At a staff meeting, a new plant manager told the plant engineer of a multishift factory to lay off two people from maintenance. “Which two?,” he asked. The plant manager replied that the company wanted to reduce total headcount, so the decision was up to the plant engineer as long as he reduced the headcount by two.
Seeing the stupidity of this edict, and suspecting the company had mandated no such thing, the plant engineer replied that he wanted to lay off the two most highly paid people. “That will be fine,” the plant manager replied. “Great. Glad to help out. Now, you need to know they are the two most highly skilled people. When they are gone, we’ll save on payroll costs, but we’ll also have to shut down the ABC line.”
In this example, we are substituting “ABC” for the actual name of the line to avoid identifying the company involved. This line was the plant’s most profitable line, and it also generated the most revenue. When the plant engineer put it this way, the plant manager said to lay off two other people instead.
“So let me get this straight,” the plant engineer replied. “Someone has caught on to the idea that you can run a race faster if you weigh less. Makes sense to me. But cutting off your leg to reduce your weight doesn’t seem like a good way to reduce weight. And if you’re already at the optimum weight, there is no place further to cut. Any cut at this point, which is where we are now, means a reduction in profits. Which profits do you want to eliminate by saving money on payroll?”
Cost-cutting just to meet arbitrary numbers is never a good idea. Newly promoted managers or newly hired plant managers often will try to boost profits by assuming their predecessor has not already leaned out the organization. Their predecessor might not have, but simply assuming that can lead to reduced profits or even put the plant (or company) into a death spiral.
Common targets for mindless cost-cutting include:
• Personnel. Often targeted are the older workers, whose accumulated knowledge is lost forever. Why? Because someone looking at a spreadsheet looks at their higher pay, but doesn’t value their experience. Yes, sometimes personnel cuts are necessary. But make the decision only after careful consideration of the real value of the employees who may be affected.
• Training. Training of the workforce needs to be ongoing. If you have identified your training needs correctly, any cuts here are self-defeating. In most cases, additional training in key areas lowers costs by improving productivity or reducing rework. Rather than cut training, use training as a means to get better results from the same payroll.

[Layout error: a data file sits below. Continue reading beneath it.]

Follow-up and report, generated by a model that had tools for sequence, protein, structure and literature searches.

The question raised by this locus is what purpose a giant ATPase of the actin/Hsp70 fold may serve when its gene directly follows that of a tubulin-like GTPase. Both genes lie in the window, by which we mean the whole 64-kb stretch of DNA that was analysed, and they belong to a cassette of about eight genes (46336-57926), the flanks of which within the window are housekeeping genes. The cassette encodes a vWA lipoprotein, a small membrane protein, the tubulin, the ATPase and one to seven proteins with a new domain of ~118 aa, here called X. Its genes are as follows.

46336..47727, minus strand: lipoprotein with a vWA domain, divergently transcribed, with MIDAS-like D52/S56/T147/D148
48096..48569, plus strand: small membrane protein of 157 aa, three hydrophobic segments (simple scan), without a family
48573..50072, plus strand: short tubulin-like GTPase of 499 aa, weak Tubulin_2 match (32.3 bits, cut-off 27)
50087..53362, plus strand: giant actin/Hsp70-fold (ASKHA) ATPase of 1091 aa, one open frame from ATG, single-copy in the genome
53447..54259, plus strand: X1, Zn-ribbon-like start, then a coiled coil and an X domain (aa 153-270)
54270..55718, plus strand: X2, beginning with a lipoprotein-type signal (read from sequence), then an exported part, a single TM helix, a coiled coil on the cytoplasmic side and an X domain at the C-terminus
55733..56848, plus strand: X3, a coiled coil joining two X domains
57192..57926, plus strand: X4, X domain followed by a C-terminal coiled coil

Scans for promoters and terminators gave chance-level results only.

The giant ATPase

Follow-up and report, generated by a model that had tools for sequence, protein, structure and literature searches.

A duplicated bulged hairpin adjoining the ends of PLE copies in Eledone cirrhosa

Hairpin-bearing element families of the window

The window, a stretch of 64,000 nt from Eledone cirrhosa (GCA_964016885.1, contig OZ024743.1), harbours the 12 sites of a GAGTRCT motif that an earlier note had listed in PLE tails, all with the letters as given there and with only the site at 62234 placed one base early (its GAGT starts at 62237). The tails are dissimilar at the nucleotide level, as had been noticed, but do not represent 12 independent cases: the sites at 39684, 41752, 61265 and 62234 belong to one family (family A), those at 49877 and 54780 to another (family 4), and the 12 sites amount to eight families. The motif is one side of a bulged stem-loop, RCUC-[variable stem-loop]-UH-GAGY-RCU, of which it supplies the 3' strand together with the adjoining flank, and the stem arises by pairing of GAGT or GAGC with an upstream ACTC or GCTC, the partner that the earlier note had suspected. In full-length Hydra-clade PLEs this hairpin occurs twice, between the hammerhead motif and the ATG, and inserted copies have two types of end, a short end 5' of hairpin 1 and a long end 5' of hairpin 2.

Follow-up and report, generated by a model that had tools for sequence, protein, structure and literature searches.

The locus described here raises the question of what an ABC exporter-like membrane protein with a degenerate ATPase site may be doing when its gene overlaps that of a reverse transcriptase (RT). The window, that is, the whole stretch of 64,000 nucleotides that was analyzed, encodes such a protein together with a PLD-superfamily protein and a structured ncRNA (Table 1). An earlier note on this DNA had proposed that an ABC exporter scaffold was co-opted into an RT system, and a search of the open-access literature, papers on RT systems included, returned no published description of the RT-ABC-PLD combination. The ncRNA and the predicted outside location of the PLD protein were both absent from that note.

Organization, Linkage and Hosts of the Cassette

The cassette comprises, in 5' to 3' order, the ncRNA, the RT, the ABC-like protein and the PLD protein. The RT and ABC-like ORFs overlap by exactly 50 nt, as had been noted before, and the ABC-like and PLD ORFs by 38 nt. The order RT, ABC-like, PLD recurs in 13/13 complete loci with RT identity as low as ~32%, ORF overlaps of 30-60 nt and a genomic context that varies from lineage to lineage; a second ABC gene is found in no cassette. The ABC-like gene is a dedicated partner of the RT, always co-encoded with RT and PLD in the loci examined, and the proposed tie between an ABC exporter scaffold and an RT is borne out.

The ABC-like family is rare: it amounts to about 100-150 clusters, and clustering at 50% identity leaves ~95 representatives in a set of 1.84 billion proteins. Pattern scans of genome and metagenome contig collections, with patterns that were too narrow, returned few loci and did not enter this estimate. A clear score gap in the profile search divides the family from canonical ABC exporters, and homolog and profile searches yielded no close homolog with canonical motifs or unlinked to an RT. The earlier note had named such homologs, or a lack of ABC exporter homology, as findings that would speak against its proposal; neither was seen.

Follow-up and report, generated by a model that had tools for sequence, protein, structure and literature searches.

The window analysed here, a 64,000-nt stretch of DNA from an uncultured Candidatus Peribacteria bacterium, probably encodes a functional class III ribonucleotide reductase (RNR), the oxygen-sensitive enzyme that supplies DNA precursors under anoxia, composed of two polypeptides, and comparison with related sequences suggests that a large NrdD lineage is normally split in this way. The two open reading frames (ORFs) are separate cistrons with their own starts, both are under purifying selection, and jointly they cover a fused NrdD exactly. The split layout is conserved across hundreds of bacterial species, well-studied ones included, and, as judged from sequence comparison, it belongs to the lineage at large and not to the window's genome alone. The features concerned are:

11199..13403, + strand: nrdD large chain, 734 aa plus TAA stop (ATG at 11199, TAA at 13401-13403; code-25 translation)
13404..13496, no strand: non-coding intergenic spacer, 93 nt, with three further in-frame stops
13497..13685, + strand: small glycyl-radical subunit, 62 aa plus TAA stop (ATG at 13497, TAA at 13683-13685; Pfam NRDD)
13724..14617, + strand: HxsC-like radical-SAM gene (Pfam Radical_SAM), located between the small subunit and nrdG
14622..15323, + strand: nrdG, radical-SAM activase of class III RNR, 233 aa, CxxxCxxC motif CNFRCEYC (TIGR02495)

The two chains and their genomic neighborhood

• Maintenance. Periodically, manufacturing corporations go through a craze of “maintenance deferment.” In the real world, you can’t “defer” maintenance. If you don’t do it when it’s needed, you will have higher costs for the same amount of revenue (or, as often happens, less revenue because of impaired ability to produce what you sell).
• Test equipment replacement/acquisition. A good test equipment program includes periodic evaluation of existing equipment for replacement (due to wear) or upgrade (due to the benefits of newer products). It’s not static. The same program looks for holes that can be filled only by adding equipment to the existing collection.
• Sales staff. During a downturn, the “management” at a technical services firm laid off all but one salesperson. Exactly how this would result in more sales to pull out of the slump, nobody could explain. But that layoff was followed, predictably, by big personnel cuts in other areas over the next few months. Most of the cast-off employees hired on at a competing firm that had, during the same slump, simply adjusted its sales strategy. Guess which firm is now vastly more nimble and capable than the other?
Cost-cutting is a necessary management exercise. But it needs to be done intelligently, so that it does more good than harm. In some cases, an expenditure may become a smart cost-cutting measure. For example, you have an old service van that seems to always need repairs. You can convert this stream of repair expenses into a capital expenditure and improve reliability at the same time. Similarly, you can reduce rework costs by investing in training.
Always think it through.